Memory as a Pillar for Democracy and Reconciliation in Chile

Publicado el miércoles 9, marzo 2016

Published by Harvard University David Rockefeller Center for Latin American Studies

Achieving reconciliation in societies that have experienced a major crisis requires a national effort to bring out what happened, to understand what went wrong, and to draw lessons from it. We must resist the temptation simply to put the past behind us. Real reconciliation can only be achieved if we create institutions that respect and guarantee the rights of all sectors of society and enable disagreements to be resolved in a democratic fashion. Reconciliation cannot, therefore, occur while ignoring the past. Learning from our collective experience is a fundamental step in building a common future and lasting reconciliation. In the case of Chile, it is important to remember the human rights violations committed by the civic-military dictatorship from 1973 to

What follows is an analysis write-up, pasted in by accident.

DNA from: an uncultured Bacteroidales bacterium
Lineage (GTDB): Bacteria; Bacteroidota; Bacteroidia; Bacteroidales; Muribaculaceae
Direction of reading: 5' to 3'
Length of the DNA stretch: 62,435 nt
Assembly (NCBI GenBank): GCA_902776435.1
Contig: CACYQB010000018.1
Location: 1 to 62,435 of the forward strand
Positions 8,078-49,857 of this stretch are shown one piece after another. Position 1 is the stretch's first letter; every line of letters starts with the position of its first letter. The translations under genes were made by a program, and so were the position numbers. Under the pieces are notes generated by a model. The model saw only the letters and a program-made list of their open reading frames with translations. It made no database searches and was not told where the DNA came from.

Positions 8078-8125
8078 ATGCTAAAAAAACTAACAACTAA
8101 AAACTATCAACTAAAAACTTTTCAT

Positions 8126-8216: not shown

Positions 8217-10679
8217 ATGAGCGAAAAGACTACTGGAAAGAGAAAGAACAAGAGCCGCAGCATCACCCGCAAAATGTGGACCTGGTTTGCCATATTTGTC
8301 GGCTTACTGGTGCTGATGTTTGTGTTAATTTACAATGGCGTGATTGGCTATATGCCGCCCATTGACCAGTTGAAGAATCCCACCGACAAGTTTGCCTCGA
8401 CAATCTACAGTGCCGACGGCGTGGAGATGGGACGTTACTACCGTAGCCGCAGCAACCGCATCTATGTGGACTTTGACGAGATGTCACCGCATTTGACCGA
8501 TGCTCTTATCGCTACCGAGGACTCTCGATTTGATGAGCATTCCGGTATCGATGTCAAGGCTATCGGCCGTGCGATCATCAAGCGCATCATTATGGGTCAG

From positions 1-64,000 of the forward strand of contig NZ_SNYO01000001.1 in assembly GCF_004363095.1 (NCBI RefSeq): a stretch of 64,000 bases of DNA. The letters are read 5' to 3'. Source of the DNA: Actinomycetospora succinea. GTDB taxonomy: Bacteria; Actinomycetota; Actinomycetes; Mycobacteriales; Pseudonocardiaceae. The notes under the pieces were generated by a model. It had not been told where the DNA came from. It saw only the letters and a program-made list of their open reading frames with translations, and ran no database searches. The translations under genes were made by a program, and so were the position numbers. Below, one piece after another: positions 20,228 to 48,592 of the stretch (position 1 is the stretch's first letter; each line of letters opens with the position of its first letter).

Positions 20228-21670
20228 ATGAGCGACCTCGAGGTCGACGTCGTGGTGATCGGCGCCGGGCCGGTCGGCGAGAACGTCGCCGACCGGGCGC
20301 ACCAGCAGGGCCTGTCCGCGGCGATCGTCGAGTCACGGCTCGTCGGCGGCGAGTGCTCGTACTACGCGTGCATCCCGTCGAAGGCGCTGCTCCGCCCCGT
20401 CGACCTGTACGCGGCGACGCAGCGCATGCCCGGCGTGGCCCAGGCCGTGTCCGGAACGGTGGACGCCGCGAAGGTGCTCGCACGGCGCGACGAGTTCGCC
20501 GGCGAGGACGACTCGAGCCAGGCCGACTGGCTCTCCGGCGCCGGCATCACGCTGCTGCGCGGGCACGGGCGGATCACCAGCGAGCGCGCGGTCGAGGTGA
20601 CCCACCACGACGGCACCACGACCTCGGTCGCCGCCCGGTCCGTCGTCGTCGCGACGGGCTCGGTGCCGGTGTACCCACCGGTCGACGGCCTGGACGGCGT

1989, and also to understand and acknowledge the political and economic conditions that led to the coup.

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